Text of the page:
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Psychosocial treatments for bipolar disorder: cost‐effectiveness, mediating mechanisms, and future directions

Identifieur interne : 000A90 ( Istex/Corpus ); précédent : 000A89; suivant : 000A91

Psychosocial treatments for bipolar disorder: cost‐effectiveness, mediating mechanisms, and future directions

Auteurs : David J. Miklowitz ; Jan Scott

Source :

RBID : ISTEX:95C06B4A6BA24EBB77C1F12974999617BEDD4F16

Mots-clés :

Abstract

Objectives:  Randomized trials of adjunctive psychotherapy for bipolar disorder are reviewed, in tandem with discussion of cost‐effectiveness, mediating mechanisms, and moderators of effects.


Url:
DOI: 10.1111/j.1399-5618.2009.00715.x

Links to Exploration step

ISTEX:95C06B4A6BA24EBB77C1F12974999617BEDD4F16

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<abstract type="main" xml:lang="en"><!-- Miklowitz DJ, Scott J. Psychosocial treatments for bipolar disorder: cost-effectiveness, mediating mechanisms, and future directions.

Bipolar Disord 2009: 11 (Suppl. 2): 110&ndash;122.

&copy; 2009 John Wiley & Sons A&sol;S
-->
<p>
<b>Objectives: </b>
Randomized trials of adjunctive psychotherapy for bipolar disorder are reviewed, in tandem with discussion of cost‐effectiveness, mediating mechanisms, and moderators of effects.</p>
<p>
<b>Methods: </b>
Systematic searches of the MEDLINE and PSYCHLIT databases yielded 19 randomized controlled trials of individual family and group therapies. Outcome variables included time to recovery, relapse or recurrence, symptom severity, medication adherence, and psychosocial functioning.</p>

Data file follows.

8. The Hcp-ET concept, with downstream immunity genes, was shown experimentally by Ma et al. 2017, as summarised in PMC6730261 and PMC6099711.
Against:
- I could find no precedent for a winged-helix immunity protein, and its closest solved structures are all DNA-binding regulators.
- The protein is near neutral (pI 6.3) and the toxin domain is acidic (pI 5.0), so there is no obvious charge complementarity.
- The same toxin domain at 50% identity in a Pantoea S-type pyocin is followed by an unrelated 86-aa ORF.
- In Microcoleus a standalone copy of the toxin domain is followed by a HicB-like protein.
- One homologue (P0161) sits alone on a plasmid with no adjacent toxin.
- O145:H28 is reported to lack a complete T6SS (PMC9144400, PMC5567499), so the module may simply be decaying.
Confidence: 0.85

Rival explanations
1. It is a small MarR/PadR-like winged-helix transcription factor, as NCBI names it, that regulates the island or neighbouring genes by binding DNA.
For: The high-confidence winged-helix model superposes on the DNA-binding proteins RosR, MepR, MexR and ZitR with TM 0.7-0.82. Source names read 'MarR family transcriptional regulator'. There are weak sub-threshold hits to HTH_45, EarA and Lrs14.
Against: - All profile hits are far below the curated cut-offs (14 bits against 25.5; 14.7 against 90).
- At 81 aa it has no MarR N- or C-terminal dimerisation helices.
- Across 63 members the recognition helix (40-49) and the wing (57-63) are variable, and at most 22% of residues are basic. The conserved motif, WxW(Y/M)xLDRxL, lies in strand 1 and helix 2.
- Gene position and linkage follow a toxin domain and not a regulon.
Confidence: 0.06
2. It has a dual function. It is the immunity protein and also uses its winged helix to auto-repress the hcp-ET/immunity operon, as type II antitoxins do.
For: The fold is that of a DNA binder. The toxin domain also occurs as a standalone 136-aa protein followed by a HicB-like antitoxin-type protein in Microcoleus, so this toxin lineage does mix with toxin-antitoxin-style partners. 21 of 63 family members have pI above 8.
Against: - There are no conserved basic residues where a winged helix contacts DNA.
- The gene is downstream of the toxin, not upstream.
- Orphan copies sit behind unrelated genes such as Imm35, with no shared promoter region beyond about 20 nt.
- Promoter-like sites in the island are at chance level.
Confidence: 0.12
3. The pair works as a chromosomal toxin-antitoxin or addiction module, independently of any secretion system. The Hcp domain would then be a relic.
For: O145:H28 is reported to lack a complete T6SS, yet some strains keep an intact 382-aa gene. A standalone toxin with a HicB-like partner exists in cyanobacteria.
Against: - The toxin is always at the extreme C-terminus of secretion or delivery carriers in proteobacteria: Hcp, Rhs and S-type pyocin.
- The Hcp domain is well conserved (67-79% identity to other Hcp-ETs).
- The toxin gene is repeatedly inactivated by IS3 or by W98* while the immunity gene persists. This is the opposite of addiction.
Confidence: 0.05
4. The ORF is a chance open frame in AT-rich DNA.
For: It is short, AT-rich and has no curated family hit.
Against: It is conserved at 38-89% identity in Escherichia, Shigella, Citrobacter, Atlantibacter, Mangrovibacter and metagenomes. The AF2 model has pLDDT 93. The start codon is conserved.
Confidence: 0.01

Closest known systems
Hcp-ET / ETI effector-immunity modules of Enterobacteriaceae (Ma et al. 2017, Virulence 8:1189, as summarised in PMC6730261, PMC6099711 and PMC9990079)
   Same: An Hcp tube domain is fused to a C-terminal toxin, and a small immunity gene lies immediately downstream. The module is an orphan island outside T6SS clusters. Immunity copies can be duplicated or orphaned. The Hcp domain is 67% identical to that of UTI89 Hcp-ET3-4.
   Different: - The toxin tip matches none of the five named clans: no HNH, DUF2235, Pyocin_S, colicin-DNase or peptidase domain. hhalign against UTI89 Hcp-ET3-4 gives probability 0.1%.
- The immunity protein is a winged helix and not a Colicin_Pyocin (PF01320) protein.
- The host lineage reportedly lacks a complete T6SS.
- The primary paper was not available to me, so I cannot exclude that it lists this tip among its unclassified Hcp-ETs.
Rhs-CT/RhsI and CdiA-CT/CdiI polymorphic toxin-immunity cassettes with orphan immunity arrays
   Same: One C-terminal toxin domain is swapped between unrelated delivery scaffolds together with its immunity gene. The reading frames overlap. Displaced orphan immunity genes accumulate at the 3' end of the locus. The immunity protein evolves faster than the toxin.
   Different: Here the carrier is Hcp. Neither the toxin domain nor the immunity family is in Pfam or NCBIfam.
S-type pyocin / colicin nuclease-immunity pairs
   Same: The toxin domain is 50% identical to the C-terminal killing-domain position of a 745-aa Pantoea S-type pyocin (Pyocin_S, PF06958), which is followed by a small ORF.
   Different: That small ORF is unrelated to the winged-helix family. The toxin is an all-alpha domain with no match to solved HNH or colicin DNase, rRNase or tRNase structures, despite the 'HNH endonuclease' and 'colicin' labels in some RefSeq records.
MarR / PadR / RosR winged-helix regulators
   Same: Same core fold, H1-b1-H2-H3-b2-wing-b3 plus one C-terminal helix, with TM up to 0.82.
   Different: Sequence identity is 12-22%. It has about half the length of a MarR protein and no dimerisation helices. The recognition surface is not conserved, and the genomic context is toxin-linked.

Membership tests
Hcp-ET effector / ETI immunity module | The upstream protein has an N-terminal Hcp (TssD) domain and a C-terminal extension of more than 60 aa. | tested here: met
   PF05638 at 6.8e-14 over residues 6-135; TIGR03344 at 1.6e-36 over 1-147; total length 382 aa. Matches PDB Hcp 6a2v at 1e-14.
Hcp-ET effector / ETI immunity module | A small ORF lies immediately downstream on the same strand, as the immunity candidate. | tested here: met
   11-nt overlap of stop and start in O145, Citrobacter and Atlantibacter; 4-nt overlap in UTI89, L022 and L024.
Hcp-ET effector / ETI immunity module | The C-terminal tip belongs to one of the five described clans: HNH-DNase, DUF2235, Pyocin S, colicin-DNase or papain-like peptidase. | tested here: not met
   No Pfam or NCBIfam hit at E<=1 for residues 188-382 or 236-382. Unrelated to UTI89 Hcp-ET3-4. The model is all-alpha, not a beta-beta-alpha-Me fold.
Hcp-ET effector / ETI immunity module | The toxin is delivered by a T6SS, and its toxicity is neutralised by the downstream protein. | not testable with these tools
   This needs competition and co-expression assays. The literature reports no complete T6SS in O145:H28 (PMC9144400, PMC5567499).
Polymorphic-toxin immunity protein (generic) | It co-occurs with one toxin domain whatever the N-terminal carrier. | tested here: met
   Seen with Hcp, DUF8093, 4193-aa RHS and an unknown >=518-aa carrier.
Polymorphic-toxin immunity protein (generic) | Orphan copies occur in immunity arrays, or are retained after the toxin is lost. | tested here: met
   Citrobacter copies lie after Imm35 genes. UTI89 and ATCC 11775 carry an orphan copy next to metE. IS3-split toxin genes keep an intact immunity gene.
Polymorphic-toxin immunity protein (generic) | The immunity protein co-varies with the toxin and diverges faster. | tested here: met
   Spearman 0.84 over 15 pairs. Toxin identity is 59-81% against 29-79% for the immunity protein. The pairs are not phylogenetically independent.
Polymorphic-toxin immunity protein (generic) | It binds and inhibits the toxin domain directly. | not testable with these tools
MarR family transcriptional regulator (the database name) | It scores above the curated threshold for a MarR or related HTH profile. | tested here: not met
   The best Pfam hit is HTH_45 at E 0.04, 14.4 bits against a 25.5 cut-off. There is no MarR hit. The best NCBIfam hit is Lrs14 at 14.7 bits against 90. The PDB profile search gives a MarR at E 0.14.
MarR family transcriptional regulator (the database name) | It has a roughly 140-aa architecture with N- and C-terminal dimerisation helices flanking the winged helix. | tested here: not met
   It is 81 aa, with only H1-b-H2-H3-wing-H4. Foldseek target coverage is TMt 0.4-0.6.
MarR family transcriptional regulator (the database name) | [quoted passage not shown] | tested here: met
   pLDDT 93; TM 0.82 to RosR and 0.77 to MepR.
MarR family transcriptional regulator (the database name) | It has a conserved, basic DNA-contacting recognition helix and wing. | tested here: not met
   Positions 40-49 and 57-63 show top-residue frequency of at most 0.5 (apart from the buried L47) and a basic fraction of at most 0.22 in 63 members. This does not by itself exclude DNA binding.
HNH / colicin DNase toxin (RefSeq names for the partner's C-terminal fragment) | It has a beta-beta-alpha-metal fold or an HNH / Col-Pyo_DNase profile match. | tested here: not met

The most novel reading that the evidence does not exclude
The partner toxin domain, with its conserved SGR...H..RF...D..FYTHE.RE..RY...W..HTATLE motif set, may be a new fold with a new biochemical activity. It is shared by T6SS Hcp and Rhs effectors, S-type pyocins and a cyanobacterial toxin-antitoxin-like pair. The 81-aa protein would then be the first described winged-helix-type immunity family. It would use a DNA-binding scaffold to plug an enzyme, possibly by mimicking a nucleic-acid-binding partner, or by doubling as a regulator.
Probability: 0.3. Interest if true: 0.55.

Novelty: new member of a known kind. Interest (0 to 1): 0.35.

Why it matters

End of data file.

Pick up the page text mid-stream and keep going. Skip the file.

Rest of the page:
<p>
<b>Results: </b>
Meta‐analyses consistently show that disorder‐specific psychotherapies [cognitive‐behavioral therapy (CBT), interpersonal, family, and group] augment mood stabilizers in reducing rates of relapse (OR = 0.57; 95% CI: 0.39–0.82) over 1–2 years. Specific mediating mechanisms include, but are not limited to, increasing medication adherence, teaching self‐monitoring and early intervention with emergent episodes, and enhancing interpersonal functioning and family communication. All therapies have strengths and weaknesses. One group psychoeducation trial, demonstrated effect sizes for recurrence that are at least equivalent to individual therapies, but findings await replication. Family interventions have been successfully administered in both single and multi‐family formats, but no studies report the comparative cost‐effectiveness of these formats. The best‐studied psychotherapy modality, CBT, can have beneficial effects on depression, but findings are inconsistent across studies and vary with sample characteristics and comparison treatments.</p>
<p>
<b>Conclusions: </b>
Adjunctive psychotherapies can be cost‐effective when weighed against observed reductions in recurrence, hospitalization and functional impairments. Future trials need to (i) clarify which populations are most likely to benefit from which strategies; (ii) identify putative mechanisms of action; (iii) systematically evaluate costs, benefits, and generalizability; and (iv) record adverse effects. The application of psychosocial interventions to young‐onset populations deserves further study.</p>
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<abstract>Methods:  Systematic searches of the MEDLINE and PSYCHLIT databases yielded 19 randomized controlled trials of individual family and group therapies. Outcome variables included time to recovery, relapse or recurrence, symptom severity, medication adherence, and psychosocial functioning.</abstract>